This is essentially the birth of Domestic Archive as a derivative and extension of Vanitas Objekts and space for them to physically present their collection in a more traditional storefront setting. By having “outposts in both cities” (Atlanta and Savannah) [it allows them to] “be where the action is”. Domestic Archive is slated to open mid-summer, and it will allow Linke and Tomlin to showcase their vintage wares in the Savannah market. Of course, they intend to stick true to their roots and offer curated vintage furniture, objects, and the like. They are also intending to expand their offerings somewhat. “Amiel has plans to incorporate his musical expertise to include a selection of deep cut records and vintage audio equipment.” In the meantime, as Linke and Tomlin plan and work towards their store’s opening, Tiberio found herself in need of an exhibition space, and Linke and Tomlin had a section of their new property suited for just the task. The partnership was organic. As a space within a space, the team had the perfect naming convention to come up with ‘Chapel.’ “It is literally a little sanctuary, a place of reverence, inside of a larger ‘institution,’ so by definition, it seemed to fit.“

Chapel Gallery, like many things, was born of necessity. According to Tiberio, “In the process of finding a venue for my own MFA thesis show, I saw there was a niche to be filled. Several small galleries in Savannah have closed in the past few years for various reasons, and there is no shortage of artists looking to show work in this town. When Alycia & Amiel rented the storefront to open Domestic Archive, it included this long narrow room on one side that seemed especially suited to function as a gallery space, and I volunteered to take care of it as part of the collective.”

It may have been originally intended as a temporary solution for an individual, but it was extrapolated into a more permanent answer to a problem faced by a larger audience. With SCAD, a university literally built around the idea of higher education in fine art and design, there are approximately 10-15,000 students enrolled annually. It is an easy assumption that many of them would be interested in exhibiting their work to the public outside of the Schools six in-house galleries, as it can be a somewhat insular environment, as well as the fact that competition is steep. Just looking at the numbers, it becomes obvious how acute the need is for exhibition spaces. Assuming just half of all students are visual artists looking to show their work in a gallery setting, and if each gallery is used for one artist at a time (of course this is not always the case, [re: group shows]), there is approximately one gallery space for every 1000 students. That doesn’t work. Chapel as an exhibition space is of course not exclusive to students, they just represent a key demographic that can benefit from the space existing.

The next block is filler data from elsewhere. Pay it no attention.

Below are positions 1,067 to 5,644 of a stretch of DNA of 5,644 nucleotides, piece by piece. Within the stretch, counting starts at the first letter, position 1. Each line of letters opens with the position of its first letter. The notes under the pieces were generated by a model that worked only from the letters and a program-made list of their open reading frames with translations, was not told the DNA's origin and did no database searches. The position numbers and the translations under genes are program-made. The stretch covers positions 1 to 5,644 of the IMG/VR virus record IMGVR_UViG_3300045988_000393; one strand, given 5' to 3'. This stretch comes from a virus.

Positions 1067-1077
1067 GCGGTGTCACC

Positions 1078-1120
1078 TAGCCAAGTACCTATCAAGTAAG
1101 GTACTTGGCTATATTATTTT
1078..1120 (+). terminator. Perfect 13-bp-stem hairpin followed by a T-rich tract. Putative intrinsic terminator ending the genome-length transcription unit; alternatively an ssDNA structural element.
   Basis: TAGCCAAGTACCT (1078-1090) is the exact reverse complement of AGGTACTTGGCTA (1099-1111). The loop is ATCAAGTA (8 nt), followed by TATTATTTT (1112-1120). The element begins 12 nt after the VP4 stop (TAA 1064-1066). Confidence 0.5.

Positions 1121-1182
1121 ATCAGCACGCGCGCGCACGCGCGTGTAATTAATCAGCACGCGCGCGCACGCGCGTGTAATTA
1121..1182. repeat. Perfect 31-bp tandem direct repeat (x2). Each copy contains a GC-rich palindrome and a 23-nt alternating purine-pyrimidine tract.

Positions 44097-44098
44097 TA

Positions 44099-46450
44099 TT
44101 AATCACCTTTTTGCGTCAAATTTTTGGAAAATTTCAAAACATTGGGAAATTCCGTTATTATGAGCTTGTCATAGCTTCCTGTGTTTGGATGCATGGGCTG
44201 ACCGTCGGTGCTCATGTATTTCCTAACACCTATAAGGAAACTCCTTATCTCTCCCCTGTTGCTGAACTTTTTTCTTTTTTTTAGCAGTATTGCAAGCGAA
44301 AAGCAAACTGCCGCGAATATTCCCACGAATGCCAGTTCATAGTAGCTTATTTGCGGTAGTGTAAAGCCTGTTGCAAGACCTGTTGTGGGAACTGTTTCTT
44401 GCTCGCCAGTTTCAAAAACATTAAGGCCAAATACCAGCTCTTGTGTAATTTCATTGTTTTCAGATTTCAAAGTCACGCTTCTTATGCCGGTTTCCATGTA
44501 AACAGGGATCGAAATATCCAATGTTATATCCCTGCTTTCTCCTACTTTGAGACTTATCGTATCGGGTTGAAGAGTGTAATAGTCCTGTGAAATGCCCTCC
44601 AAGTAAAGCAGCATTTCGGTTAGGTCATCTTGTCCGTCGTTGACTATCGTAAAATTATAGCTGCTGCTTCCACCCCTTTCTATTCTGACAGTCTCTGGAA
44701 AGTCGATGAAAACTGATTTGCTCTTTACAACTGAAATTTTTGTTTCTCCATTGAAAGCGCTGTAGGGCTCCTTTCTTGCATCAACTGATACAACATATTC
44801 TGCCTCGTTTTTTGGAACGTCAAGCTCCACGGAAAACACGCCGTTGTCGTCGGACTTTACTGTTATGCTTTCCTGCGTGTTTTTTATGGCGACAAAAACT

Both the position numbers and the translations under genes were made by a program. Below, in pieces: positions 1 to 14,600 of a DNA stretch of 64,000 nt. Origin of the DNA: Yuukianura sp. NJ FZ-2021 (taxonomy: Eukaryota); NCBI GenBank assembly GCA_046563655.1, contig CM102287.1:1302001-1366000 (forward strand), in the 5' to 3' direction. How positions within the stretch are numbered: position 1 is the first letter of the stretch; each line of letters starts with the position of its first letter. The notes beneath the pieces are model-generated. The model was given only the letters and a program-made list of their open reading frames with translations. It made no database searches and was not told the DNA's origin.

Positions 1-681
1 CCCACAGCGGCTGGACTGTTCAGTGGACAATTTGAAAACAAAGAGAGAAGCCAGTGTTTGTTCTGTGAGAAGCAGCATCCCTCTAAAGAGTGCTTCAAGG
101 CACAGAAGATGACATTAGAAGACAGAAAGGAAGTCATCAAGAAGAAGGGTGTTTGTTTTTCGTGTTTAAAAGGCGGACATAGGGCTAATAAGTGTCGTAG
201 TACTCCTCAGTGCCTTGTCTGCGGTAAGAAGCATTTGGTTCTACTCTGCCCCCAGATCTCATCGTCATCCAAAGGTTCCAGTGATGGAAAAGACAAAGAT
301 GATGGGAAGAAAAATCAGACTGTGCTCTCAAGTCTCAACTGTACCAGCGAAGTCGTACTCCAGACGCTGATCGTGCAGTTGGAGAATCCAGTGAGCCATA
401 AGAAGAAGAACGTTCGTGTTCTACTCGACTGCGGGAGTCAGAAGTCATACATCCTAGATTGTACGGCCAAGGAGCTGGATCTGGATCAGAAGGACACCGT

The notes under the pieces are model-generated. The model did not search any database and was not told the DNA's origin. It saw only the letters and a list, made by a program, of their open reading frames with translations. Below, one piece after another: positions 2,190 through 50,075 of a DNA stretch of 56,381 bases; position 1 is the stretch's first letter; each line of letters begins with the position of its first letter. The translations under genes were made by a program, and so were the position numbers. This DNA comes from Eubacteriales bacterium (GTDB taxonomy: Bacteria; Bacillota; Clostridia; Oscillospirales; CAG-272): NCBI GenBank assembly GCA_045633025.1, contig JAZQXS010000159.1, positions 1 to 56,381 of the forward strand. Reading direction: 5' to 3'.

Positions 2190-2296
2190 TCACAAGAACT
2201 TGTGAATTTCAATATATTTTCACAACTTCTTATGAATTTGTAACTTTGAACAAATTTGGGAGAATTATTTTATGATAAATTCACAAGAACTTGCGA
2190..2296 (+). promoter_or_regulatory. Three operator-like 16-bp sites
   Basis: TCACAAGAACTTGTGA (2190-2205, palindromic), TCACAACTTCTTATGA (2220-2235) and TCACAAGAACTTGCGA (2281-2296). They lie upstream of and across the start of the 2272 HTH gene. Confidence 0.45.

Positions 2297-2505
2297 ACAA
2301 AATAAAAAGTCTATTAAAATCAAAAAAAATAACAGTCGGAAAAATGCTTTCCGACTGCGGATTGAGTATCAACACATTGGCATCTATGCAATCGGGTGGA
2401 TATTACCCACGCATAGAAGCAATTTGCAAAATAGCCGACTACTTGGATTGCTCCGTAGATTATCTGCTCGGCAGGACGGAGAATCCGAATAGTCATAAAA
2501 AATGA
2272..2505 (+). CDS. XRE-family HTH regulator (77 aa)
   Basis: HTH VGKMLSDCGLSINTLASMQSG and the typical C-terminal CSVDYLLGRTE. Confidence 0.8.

Olivia Tiberio, in partnership with Alycia Linke and Amiel Tomlin, offer a platform to early, mid, and late-career artists to showcase their work to the community at large. “My priority right now is making another exhibition space available to this city that’s teeming with young artists looking to show, but I’m absolutely open to bringing new people in from out of town. At this point in the development of Savannah’s art scene, the galleries are not really in competition; one little gallery’s success is good for all of us. The more the merrier.”

Tiberio said that she is open to all kinds of proposals and is interested in showing as often as possible. The space is primarily functioning as a rentable exhibition space (available for rent by the week). Tiberio said that she intends to fill the gaps in their schedule by curating group shows in between contracted exhibitions. “[we] plan to curate shows focused on artists who are making good work and could use some more eyes, local or otherwise…. The first curated group show in May, ‘Where Everybody Knows Your Name,’ really exceeded all of our expectations in turnout and in sales, which was an exciting indication that the group show model works and that people seem enthusiastic about coming to see the work & take it home with them.”